It is a post-COINTELPRO state. 101 now has a lab requirement.

At Marilyn Buck Presente! Yuri Kochiyama’s words likening Marilyn’s life and work to the wild red poppies she wrote about, her symbol of freedom, was perhaps the most articulate and astute, just because of the breadth of Yuri’s historic knowledge of the United States government’s systematic move to silence and eliminate all questioning opposition to its policies which deny its citizens their human and democratic rights.

Graciela Trevisan’s statement from Cristina Peri Rossi, whose collection of poetry, State of Exile in Spanish was translated by Marilyn and received a nomination for best translation at the Northern California Book Reviewers Association Awards Ceremony 2008. Linda Evans, Marilyn’s co-defendant and fellow Austinian and Miranda Bergman, artist, whose friendship with Marilyn goes back to a San Francisco commune in Haight Asbury Days. Marilyn’s teachers and advisors from New College of California on her master’s thesis were present: David Meltzer and others not on the program. Marilyn’s poetry teacher, Maria Poblet, spoke, and Assata Shakur’s voice left a message for Marilyn before her death which was played for those assembled.

Hank of the SF8 spoke of Marilyn and why she lived in their hearts, while Soffiyah Elijah, Marilyn’s attorney and friend, spoke of how Marilyn was her lesson in the American judicial system at work and subsequently frames her practices to this day. Sharing several personal stories, many untold, as time wouldn’t allow, she spoke of her friends journey from captivity to freedom, her last days in Brooklyn at the brownstone both called home and her final day and moments. Marilyn’s family was also present: the three cousins representing their mothers, Marilyn’s aunts, fighter warrior women who they liked to say fueled Marilyn’s resistance and spirit: women who supported their niece with correspondence, visits and money.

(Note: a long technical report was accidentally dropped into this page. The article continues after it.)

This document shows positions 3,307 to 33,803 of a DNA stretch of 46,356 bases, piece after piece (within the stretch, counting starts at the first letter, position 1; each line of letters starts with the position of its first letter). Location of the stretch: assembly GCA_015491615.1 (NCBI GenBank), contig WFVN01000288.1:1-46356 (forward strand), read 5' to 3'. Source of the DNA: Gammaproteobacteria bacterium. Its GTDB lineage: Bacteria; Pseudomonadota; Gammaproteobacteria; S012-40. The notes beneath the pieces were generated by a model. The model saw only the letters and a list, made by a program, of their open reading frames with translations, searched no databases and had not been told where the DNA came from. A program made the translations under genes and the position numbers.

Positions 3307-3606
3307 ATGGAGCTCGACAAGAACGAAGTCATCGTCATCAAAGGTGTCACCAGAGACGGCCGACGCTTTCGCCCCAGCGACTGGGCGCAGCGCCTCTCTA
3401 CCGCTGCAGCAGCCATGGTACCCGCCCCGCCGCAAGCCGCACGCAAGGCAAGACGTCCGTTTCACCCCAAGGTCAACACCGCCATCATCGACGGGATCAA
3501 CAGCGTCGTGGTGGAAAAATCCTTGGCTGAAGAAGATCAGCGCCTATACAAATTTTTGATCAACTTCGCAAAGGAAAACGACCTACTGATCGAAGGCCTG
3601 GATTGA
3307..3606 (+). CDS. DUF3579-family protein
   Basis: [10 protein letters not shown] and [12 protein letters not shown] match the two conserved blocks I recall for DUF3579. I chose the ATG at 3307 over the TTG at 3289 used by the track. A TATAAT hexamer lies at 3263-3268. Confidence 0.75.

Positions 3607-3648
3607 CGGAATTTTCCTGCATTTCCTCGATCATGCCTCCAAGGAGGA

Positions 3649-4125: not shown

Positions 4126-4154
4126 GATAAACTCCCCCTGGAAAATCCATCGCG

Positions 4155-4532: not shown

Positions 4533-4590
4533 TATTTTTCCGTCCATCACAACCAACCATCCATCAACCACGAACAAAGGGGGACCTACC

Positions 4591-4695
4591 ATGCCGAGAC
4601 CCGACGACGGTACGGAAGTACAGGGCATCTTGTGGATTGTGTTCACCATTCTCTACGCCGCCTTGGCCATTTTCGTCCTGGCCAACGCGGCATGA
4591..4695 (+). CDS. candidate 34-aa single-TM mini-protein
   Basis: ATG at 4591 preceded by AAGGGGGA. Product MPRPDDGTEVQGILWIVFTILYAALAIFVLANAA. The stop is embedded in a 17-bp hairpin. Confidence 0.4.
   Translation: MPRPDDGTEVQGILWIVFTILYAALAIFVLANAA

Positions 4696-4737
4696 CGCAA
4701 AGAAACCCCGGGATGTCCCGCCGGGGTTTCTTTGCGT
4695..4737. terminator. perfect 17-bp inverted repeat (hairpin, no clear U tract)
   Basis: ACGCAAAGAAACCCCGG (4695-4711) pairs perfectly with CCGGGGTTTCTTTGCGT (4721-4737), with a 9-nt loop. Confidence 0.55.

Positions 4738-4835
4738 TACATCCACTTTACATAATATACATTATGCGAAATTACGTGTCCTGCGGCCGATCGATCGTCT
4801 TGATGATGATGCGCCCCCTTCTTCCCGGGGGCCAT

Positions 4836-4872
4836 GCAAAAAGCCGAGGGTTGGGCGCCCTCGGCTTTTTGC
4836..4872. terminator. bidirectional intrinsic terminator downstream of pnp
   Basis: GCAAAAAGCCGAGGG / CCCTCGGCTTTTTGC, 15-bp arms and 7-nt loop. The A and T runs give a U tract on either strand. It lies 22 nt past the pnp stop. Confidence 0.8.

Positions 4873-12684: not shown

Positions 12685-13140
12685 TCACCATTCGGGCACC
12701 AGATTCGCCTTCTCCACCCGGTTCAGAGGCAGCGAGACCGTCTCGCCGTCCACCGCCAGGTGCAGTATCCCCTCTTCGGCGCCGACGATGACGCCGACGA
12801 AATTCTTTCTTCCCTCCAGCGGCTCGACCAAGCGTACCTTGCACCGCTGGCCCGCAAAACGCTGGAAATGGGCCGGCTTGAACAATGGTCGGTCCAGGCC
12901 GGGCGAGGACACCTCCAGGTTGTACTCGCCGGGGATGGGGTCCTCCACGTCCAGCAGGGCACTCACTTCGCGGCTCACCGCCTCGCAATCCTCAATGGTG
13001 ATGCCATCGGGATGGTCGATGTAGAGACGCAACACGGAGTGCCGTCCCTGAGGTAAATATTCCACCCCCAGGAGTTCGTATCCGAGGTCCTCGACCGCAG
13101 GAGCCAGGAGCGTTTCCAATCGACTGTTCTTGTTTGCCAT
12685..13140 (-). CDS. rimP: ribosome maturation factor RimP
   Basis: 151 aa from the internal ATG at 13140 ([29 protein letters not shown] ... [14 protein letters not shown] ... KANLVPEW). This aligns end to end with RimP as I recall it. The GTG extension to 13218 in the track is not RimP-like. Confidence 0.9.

Marilyn didn’t just appear on the horizon, she was the product of a long line of revolutionaries like John Brown, who Hank mentioned, and I am thinking about Mary Shelley, the author of Frankenstein’s mother, “Mary Wollstonecraft, a pioneer in feminist thinking and writing, (who) gave birth to Mary Wollstonecraft Shelley in 1797.” If one remembers this seminal work of fiction which characterizes the march of the Industrial Nation, reason over compassion and what happens when one doesn’t consider the consequences of invention. I don’t think the inventor of nuclear weapons considered the consequences of such weapons of mass destruction.

In Her Spirit: A commemorative solidarity booklet to benefit the six political prisoners in New York State: Herman Bell, David Gilbert, Robert Seth Hayes, Abdul Majid, Jalil Muntaqim, Sekou Odinga, is like an update on the classical political prisoner, prisoner of war primer, Can’t Jail the Spirit.

The evening ended with music: Las Bomberas de la Bahia—Afro Puerto Rican Bomba danced us into the dining hall where tables decorated with Marilyn’s ceramic work and collections of poetry: Rescue the Word and Wild Poppies: A poetry jam across prison walls.

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The extended friends and family of Marilyn Buck, 1947-2010